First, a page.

Choose an ethical decision-making model from among the following three discussed in the lecture and other readings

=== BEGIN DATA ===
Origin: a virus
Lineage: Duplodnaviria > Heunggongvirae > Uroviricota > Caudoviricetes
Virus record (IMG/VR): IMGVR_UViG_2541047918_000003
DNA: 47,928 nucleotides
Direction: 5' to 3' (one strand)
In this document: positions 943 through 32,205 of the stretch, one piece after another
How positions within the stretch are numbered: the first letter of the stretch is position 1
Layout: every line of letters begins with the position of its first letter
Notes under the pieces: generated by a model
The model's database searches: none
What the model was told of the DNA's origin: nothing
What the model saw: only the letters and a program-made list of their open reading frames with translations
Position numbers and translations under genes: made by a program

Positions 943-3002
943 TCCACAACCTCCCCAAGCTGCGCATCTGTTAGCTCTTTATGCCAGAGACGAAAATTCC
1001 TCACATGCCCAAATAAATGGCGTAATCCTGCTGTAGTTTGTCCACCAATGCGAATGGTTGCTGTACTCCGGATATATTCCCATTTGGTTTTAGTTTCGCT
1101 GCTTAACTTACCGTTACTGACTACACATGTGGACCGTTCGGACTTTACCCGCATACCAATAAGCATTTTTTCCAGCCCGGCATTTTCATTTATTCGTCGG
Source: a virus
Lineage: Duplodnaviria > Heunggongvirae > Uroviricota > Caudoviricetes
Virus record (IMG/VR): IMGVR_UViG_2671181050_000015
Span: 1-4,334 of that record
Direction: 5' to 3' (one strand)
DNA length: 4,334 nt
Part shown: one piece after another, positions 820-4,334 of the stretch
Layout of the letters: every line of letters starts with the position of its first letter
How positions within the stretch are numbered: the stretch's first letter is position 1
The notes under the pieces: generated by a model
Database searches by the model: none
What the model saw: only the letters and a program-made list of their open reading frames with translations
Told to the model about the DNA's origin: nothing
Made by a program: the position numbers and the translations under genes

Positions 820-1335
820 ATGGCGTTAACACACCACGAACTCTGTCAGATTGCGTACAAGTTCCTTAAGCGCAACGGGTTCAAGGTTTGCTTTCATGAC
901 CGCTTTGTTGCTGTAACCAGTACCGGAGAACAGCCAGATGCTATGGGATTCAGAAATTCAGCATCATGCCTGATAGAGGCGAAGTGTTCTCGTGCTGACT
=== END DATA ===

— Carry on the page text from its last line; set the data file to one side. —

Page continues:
Choose an ethical decision-making model from among the following three discussed in the lecture and other readings (Scroll down to see the lecture): Nashs 12 Questions for Moral Choices, Kidders Ethical Checkpoints, and Uustals Ethical Decision-Making Model. Apply your chosen model to the following ethical dilemma: Your terminally ill patient told you at her last visit that, since her pain could no longer be completely controlled by any means, and in her opinion she was just waiting to die, she was going to Holland to participate in its physician-assisted suicide program. What would your advice to this patient be? In a 500-750 word paper, include a letter to your patient offering your insights and recommendations regarding this decision. In addition, following your letter, include a subsection in which you address the following when completing this assignment: 1. Explain the theory of the chosen ethical decision-making model as it relates to this scenario. What effect have this and other models had on medical practice over the years? 2. Should a doctor be able to end the life of an individual who is suffering and who has no hope of recovery? Why or why not? 3. How might a living will be used, or not, to guide an individual’s end of life decisions? 4. How does the use of technology complicate the dying process? 5. Include at least three scholarly, peer-reviewed references from the Library to support your positions (the sources are already attached to this assignment, please use them). Prepare this assignment according to the APA guidelines. An abstract is not required. This assignment uses a rubric (also attached). Please review the rubric prior to beginning the assignment to become familiar with the expectations for successful completion. Lecture: Ethical Decision Making in Health Care Just as health care providers utilize scientific methods to investigate the causes of disease and develop plans to address the physical needs of patients, health care professionals apply similar methods to objectively assess ethical dilemmas and determine a reasonable solution. Ethical decisions are reasoned choices based on: The dilemma itself The principles in conflict The people involved The outcome of the proposed action The ethical reasoning process selected When faced with an ethical dilemma, the following ethical questions must be answered: Who should be involved in the decision-making process? Who has the right to make the final decision? What ought to be done to address the dilemma? What harm or good will result from the decision? Who will benefit? Decision-Making Models Decision-making models offer clearly defined steps for decision-making that are based upon objective assessments of the dilemma at hand. Models most commonly applied to health care include: Nash’s 12 Questions for Moral Choices, Kidder’s Ethical Checkpoints, and Uustal’s Ethical Decision-Making Model. The following is a brief overview of each decision-making model. Nash’s 12 Questions for Moral Choices: Laura Nash (1981) 1. Have you defined the problem accurately? 2. How would you define the problem if you stood on the other side of the fence? 3. How did this situation occur in the first place? 4. To whom and what do you give your loyalties as a person and as a member of the (institution)? 5. What is your intention in making this decision? 6. How does this intention compare with the likely results? 7. Whom could your decision or action injure? 8. Can you engage the affected parties in a discussion of the problem before you make your decision? 9. Are you confident that your position will be as valid over a long period of time as it seems now?